To make polycrystalline cells, molten silicon is poured into a cast in which it cools and solidifies. The front surface of the cells is lined with mm‐sized pyramidal structures (textured surface) to reduce reflection loss of incident light. An anti‐reflection coating (ARC) made of titanium oxide (TiOx) or silicon nitride (SiNx) is coated on the textured silicon surface to further reduce the loss of reflection. Then the rectangular blocks of silicon are cut into 156 mm (6 inches) or 125 mm (5 inches) square cells which are arranged neatly on a rectangular sheet of glass. They cells are blue in color.
Advantages of Polycrystalline solar panels
- The process of making polycrystalline silicon solar cells is simple and cost less. The amount of waste silicon generated is less compared to monocrystalline. The cost for solar cell includes the cost of the silicon (50%), cell processing (20%) and module processing (30%).
- Polycrystalline solar cells have lower heat tolerance than monocrystalline cells. Polycrystalline solar panels have a higher temperature co-efficient than mono cells due to which it generates less heat and more electricity than its mono counterpart. One meter square of polycrystalline solar cells generates around 180W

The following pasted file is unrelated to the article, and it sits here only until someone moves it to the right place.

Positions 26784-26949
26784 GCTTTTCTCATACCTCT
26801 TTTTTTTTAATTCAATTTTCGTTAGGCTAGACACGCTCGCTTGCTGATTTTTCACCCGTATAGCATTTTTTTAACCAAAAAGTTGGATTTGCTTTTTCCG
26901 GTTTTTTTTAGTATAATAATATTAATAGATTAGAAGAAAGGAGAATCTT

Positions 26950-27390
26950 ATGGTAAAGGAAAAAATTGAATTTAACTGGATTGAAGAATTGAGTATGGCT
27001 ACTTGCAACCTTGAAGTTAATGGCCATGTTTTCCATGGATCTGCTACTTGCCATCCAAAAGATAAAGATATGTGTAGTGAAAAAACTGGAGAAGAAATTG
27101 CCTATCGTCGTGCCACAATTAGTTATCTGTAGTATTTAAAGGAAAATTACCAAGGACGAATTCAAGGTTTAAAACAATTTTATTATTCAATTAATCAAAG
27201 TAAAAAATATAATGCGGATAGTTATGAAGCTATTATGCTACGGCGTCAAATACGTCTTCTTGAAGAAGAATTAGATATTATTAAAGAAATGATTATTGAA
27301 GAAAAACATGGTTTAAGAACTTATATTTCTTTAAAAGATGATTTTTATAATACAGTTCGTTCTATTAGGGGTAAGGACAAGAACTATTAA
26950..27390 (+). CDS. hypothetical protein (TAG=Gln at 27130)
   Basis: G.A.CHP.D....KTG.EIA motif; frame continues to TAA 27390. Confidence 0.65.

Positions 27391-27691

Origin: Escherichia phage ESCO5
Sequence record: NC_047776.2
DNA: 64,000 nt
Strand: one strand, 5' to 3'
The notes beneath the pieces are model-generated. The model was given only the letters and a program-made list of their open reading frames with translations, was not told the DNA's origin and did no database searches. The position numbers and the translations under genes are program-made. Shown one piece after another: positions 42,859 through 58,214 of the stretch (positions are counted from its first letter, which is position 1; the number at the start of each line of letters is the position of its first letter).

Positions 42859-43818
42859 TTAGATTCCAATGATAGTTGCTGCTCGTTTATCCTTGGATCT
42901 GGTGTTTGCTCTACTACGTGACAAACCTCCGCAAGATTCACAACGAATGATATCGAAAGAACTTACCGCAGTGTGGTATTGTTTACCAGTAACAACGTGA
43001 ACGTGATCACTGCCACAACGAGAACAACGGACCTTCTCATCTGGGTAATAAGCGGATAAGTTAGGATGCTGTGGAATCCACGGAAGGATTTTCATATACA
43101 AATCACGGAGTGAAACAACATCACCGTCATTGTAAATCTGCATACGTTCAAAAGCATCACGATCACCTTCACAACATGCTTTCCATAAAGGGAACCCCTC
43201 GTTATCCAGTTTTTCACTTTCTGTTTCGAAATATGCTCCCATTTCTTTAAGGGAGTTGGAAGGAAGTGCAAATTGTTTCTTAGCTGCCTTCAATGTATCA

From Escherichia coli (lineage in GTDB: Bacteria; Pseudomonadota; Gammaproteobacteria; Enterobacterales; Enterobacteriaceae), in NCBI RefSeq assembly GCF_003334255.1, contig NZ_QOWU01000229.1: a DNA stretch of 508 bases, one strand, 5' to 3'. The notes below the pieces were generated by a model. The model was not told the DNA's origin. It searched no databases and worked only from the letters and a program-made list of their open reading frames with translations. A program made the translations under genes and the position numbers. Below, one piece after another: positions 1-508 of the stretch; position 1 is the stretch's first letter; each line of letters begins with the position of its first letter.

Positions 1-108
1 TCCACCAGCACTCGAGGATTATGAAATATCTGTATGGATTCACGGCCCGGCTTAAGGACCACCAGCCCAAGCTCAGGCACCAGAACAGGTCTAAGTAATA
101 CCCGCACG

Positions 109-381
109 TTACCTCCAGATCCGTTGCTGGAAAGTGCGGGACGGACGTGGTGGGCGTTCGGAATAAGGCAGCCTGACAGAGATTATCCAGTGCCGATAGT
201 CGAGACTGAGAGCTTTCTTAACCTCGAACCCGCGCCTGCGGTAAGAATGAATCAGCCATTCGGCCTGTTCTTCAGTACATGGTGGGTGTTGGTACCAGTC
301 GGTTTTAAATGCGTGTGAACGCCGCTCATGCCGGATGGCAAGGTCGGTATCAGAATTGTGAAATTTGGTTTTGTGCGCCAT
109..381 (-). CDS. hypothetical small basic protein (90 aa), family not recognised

Disadvantages of Polycrystalline solar panels
- The efficiency of polycrystalline solar cells is around 14-16%. Because of the use of lower silicon purity, polycrystalline solar cells are not that efficient.
- Lower space-efficiency- larger space is needed by polycrystalline solar cells to produce the same amount of output than monocrystalline cells
Major manufacturers of these cells are Hanwha, Kyocera, Hyundai, Trina, and Solar World.
Latest news- In November 2015 Trina Solar declared that it had produced a poly crystalline cell with efficiency of 21.25%, which would allow them to produce the cells efficiencies between 18-20% ,something which seemed impossible in 2013.